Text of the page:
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InfoQ Homepage News Eclipse and Oracle Unable to Agree on Terms for javax Package Namespace and Trademarks

Eclipse and Oracle Unable to Agree on Terms for javax Package Namespace and Trademarks

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Following many months of negotiations, the Eclipse Foundation and Oracle have been unable to agree on the terms of an agreement for the Eclipse Foundation community to modify the javax package namespace or to use the Java trademarks currently used in Java EE specifications. As a result, all future updates and improvements to the framework made under the auspices of Jakarta EE will go into a different package name and require a migration of application and library code.

Mike Milinkovich, executive director of the Eclipse Foundation, explained the end of negotiations for use of the javax.* package in an Eclipse Foundation blog post, "Update on Jakarta EE Rights to Java Trademarks." The post indicates the agreed-upon licensing rights for the historical package and represents a clear line for future implementations of Jakarta EE as its specification and Test Compatibility Kit evolve. "The implications of this are as follows", Milinkovich wrote:

  1. The javax package namespace may be used within Jakarta EE specifications but may be used "as is" only.  No modification to the javax package namespace is permitted within Jakarta EE component specifications. Jakarta EE specifications that continue to use the javax package namespace must remain TCK compatible with the corresponding Java EE specifications.

  2. Jakarta EE component specifications using the javax package namespace may be omitted entirely from future Jakarta EE Platform specifications.

  3. Specification names must be changed from a "Java EE" naming convention to a "Jakarta EE" naming convention.  This includes acronyms such as EJB, JPA or JAX-RS.

The change in package-name removes any ambiguity of ownership, that Java EE 8 and below were developed under the stewardship of Sun and Oracle, and Jakarta EE 8 and above are guided by the Eclipse Foundation. This change will impact every API in EE, as they all begin with javax. The change will likely trickle down into many non-EE web applications, including Spring web applications, as EE hosts the Java Servlet API, Java Mail API, and other critical components.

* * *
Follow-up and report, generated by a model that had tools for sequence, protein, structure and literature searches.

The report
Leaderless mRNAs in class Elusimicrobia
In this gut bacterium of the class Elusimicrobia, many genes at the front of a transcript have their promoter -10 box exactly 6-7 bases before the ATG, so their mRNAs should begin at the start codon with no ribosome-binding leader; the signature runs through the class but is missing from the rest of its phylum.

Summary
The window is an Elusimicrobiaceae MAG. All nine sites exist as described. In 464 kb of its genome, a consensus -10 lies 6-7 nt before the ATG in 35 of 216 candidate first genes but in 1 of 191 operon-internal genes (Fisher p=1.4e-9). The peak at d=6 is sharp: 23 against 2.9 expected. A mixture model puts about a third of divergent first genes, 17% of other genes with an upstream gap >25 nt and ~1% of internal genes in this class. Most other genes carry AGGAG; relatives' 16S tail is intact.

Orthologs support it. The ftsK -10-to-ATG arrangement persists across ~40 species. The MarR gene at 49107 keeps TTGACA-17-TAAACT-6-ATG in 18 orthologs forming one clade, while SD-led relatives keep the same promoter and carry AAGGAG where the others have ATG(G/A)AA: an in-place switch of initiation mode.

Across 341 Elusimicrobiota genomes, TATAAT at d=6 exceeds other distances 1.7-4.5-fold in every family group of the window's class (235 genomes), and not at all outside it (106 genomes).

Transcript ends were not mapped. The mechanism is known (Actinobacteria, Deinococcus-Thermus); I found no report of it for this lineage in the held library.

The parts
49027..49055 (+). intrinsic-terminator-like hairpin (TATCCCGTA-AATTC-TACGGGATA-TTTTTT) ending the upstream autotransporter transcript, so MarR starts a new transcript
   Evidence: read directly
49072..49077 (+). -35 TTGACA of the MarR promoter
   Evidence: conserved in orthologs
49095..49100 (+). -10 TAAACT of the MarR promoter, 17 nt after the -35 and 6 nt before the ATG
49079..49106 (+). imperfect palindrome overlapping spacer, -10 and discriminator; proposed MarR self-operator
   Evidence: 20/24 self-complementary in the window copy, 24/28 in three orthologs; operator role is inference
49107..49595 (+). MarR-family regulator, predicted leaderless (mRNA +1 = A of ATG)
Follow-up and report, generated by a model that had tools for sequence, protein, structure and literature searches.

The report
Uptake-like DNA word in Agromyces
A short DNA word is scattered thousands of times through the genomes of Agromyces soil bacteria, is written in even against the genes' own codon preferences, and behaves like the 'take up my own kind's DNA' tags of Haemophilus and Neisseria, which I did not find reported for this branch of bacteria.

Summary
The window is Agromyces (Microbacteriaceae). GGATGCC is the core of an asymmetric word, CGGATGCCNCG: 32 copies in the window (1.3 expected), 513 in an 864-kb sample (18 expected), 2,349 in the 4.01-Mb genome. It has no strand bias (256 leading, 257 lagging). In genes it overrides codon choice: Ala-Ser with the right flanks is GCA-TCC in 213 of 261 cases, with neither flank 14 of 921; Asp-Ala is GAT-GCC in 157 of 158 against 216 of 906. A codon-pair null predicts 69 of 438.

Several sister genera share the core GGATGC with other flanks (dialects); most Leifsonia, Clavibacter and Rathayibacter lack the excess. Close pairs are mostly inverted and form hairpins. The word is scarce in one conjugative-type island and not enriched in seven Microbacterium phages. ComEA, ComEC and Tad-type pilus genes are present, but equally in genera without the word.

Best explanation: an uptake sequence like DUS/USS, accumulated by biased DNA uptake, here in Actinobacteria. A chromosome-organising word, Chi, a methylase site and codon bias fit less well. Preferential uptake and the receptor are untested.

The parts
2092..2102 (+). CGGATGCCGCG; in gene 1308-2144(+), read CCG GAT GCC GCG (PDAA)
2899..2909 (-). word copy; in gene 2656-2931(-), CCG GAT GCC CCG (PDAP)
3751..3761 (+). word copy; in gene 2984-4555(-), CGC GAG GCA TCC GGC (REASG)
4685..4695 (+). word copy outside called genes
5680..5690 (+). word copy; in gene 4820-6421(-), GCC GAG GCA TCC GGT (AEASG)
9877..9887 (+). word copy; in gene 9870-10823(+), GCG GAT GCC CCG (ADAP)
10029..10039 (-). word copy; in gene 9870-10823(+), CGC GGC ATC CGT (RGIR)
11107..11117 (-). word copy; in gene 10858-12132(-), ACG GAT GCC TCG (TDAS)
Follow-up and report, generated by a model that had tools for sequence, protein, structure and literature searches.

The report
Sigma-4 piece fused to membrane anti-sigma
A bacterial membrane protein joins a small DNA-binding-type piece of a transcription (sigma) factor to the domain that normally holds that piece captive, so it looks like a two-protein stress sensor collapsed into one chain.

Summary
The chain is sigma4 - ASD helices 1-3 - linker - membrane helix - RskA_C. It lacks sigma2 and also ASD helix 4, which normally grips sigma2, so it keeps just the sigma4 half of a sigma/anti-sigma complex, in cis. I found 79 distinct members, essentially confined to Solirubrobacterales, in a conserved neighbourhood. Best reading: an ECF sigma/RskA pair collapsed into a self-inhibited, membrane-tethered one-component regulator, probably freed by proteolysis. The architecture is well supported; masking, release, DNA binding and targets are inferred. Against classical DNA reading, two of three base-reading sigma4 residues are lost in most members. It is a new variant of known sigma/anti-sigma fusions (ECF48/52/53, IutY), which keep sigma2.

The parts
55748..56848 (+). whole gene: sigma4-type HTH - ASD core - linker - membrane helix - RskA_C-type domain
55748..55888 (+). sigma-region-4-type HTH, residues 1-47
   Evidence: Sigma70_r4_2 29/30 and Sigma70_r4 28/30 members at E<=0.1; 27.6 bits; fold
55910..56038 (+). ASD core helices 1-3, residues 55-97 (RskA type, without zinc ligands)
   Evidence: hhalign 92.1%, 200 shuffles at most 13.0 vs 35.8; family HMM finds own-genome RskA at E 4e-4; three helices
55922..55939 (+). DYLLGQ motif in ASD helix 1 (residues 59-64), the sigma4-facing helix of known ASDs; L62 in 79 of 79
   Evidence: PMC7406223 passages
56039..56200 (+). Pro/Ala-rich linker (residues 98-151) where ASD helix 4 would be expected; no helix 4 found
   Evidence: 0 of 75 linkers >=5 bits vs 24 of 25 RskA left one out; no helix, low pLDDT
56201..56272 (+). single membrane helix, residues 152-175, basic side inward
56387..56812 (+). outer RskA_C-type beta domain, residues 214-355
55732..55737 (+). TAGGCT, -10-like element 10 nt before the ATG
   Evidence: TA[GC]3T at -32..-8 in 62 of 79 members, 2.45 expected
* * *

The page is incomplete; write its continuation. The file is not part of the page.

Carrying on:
Mark Little, JBoss technical lead for Red Hat, provided a personal and technical analysis on the significant effort needed for this refactoring.

On a Twitter thread, Milinkovich points out that these negotiations were extremely complex, and also notes that Oracle has made many substantial donations:

Oracle contributed millions of lines of code in the reference implementations for Java EE, including GlassFish, Jersey, Grizzly, etc.  Oracle contributed the Java EE TCK. This was a huge step for them, as it was highly confidential and proprietary until then. This was a very large asset, with millions of dollars in Java EE licensing revenue attached to it. Oracle is licensing their copyrights in all of the Java EE specifications. This includes all of the past work that happened at Sun and BEA, so it is a very large percentage of the overall content of the specifications.

The change in package name will require developers to port their applications and libraries to use the new namespace. This introduces  a compatibility issue where existing applications must actively be migrated or they may encounter a forward-compatibility risk with the newer Jakarta EE. Integrated Developer Environments, such as IntelliJ IDEA, Apache NetBeans and Eclipse, can help to automate this refactoring. ByteBuddy author Rafael Winterhalter also noted on Twitter how powerful instrumentation agents can dynamically change package information. Mark Struberg, JSR-382 Spec Lead, has described some of the other options available in more detail, whilst noting "All those options have some drawback and I’m still not sure myself what would be the best solution."

This migration is a change from Java SE and Java EE’s long history of compatibility. "Almost two decades of software broken for no good reason. Absolutely stunning," laments Josh Long, Spring Developer Advocate for Pivotal. Long continues, "Bet on the Java Community Process (JCP) vendor standards they said. Trust in the JCP they said."

The JCP is a representation of elected and expert community members who evolve Java SE (JSR-386) and Java EE (JSR-000366) but does not hold any sway over the legal trademark for Java as it relates to computer programs. The trademark applies to the JCP itself, which is permitted to use the word in its name.

The applicability of the Java Community Process for EE has been under industry evaluation for several years leading up to this event. In 2016, Oracle executives Anil Gaur and Thomas Kurian shared a strategy for Java EE with the JCP. Oracle then donated Java EE to the Eclipse Foundation in 2017. One year after, Oracle said that it "does not recommend or support use of the JCP process for any future Java EE 8 functional enhancements." This process is still used for Java SE, guided by Heather Vancura.

David Blevins, CEO at Tomitribe, has indicated how developers and architects can participate in the transition of Jakarta EE to the jakarta namespace discussion that will conclude on Sunday, June 9, 2019. Those interested in participating can also consult the Jakarta EE Specification Process for their successor of the JCP, or join a new mailing list, Jakarta EE Platform Dev.

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